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SNAPSHOT: A state-by-state look at CP giving


Editor’s note: This story was edited after its initial publication to correct information about the national CP allocations for the Southern Baptists of Texas Convention and the Baptist State Convention of North Carolina and the budget total of the Puerto Rico convention.

NASHVILLE, Tenn. (BP) – An in-depth look at state and regional conventions across the Southern Baptist Convention shows a deliberate intent by state/regional leaders to work together and promote unity of purpose.

California’s theme for its 2023 annual meeting perhaps said it best: “Better Together … For What’s Next,” though several other state convention annual meeting themes reflected similar thoughts of the benefit of partnering for the Gospel.

(For BP and state reports from each Baptist state and regional convention’s annual meeting, go here.)


South Carolina continued its first-in-the-nation status. This year was its 203rd annual meeting. The state convention with 2,015 churches and a $26.5 million budget for 2024 has for about 10 years given 50 percent of its Cooperative Program receipts for national SBC causes. It budgets 46.5 percent, and makes up the difference through a line item for the IMB, CFO Bryan Holley told Baptist Press.

It was Georgia’s 201st anniversary. They increased budget by 4.5 percent, and the amount forwarded to national CP remained the same at 40 percent. Alabama Baptists (50 percent CP split) and the Baptist General Association of Virginia (28 percent to “other ministry partners”) celebrated their 200th anniversary.

Three state conventions – Dakota (85 churches, 25 percent), Minnesota-Wisconsin (202 churches, 20 percent) and Wyoming (95 churches, 10 percent) all celebrated their 40th annual meetings, but the Southern Baptists of Texas Convention (55 percent) at 26 years with 2,749 churches, and the Southern Baptist Convention of Virginia (51 percent) with 27 years and 831 churches, are the newest state conventions in the SBC.

The smallest state convention – Puerto Rico – which organized in 1985 and now has 52 congregations, meets in February because the fall is hurricane season, the convention’s longtime administrative assistant Beatrice Castillo told Baptist Press. Puerto Rico’s 2024 budget is $135,000, with 20 percent of gifts from churches forwarded to national SBC for dispersal globally.


Comparing the budgets of the various state Baptist conventions is not without challenges. To be sure, all of them rely most heavily on Cooperative Program giving from churches. But the landscape varies greatly based on the number of churches, the geographic location, additional sources of income and other considerations.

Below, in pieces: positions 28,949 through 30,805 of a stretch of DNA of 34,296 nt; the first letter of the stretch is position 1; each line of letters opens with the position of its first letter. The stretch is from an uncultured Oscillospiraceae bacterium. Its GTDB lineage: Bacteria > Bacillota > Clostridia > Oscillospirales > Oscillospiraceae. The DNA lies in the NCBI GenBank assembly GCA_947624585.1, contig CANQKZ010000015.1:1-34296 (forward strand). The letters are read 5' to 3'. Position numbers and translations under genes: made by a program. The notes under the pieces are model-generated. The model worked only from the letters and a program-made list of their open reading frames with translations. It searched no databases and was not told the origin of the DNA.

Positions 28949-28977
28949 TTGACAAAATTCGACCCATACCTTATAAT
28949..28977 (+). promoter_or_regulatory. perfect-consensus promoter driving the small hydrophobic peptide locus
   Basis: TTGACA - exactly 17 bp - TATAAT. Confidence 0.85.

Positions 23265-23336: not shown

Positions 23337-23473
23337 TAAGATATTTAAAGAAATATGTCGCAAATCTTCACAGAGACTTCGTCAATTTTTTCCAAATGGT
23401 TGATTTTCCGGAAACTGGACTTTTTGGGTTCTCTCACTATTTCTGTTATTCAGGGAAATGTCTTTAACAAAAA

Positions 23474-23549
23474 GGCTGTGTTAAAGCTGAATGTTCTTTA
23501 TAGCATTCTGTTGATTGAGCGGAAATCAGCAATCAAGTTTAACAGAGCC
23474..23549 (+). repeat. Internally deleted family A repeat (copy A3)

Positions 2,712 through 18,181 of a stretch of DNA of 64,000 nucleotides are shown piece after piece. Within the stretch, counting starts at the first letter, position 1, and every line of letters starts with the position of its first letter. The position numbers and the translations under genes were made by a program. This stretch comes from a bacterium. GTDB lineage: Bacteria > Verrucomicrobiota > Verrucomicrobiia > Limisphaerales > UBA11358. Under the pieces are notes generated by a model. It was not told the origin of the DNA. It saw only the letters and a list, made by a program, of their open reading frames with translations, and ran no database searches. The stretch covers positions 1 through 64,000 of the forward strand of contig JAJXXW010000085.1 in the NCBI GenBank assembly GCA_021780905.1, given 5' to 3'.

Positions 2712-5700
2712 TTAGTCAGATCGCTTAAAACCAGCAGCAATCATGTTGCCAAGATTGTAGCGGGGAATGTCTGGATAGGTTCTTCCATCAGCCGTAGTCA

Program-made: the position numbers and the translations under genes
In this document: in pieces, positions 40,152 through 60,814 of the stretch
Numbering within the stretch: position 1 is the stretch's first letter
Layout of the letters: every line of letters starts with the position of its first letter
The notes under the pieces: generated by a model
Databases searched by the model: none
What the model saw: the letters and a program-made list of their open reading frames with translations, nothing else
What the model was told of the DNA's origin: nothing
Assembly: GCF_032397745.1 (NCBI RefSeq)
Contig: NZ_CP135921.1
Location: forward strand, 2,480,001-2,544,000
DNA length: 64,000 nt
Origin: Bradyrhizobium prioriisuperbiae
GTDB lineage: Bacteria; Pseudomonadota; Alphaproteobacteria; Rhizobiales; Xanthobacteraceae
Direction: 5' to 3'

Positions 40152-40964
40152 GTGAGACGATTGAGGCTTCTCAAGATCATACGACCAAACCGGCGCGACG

The Georgia Baptist Convention’s 3,300 churches approved a budget that includes $33.3 million anticipated from churches’ Cooperative Program giving. Georgia’s budget helps provide for three colleges, retirement communities, children’s homes and a plethora of ministries related to pastors’ wellness, church strengthening and several more, including “Mission Georgia,” the state convention’s retinue of mercy and compassion ministries.

The Dakota Baptist Convention, which includes both North Dakota and South Dakota, approved a much smaller 2024 budget: $530,000. That’s up from $495,860 last year. They will allocate 25 percent for national SBC. Other state conventions with budgets under $1 million: Baptist Convention of New York ($757,854 including 30 percent to global CP), Puerto Rico ($812,720, forwarding 20 percent) Alaska ($922,267, forwarding 20 percent), Wyoming ($949,500, forwarding 10 percent) and Montana ($975,000, forwarding 25 percent.)

These smaller state and regional conventions work with minimal staffs and maximum areas – New York ministers in five states; Montana is the fourth largest state in the nation – and yet show impressive results, such as the 1,099 baptisms in New York last year and Montana’s increase of 10 churches this year bringing their total to 131.

New York’s one paid vocational staff, plus one full-time and one part-time support staff, minister with the help of three volunteer team leaders connected in some way to New York’s 519 congregations spread across an area 500 miles from east to west and 500 miles from north to south. Across that expanse, 52 Send Network church planters are at work, Executive Director Terry Robertson told Baptist Press. Ten churches were planted in 2022, and 11 have been planted so far in 2023.

At the other end of the spectrum is Alabama, with more then 3,200 churches, $37 million budget, 50/50 CP split, and a dozen major ministries, including a children’s home, retirement center and The Alabama Baptist newspaper. This state convention employs 30 vocational staff plus 16 collegiate ministers.

Somewhere in the middle is the California Southern Baptist Convention, with its 2,300 churches ministering with a $6.1 million budget (35 percent allocated for national CP) among the state’s 39 million residents, the nation’s largest, followed by Texas and then Florida.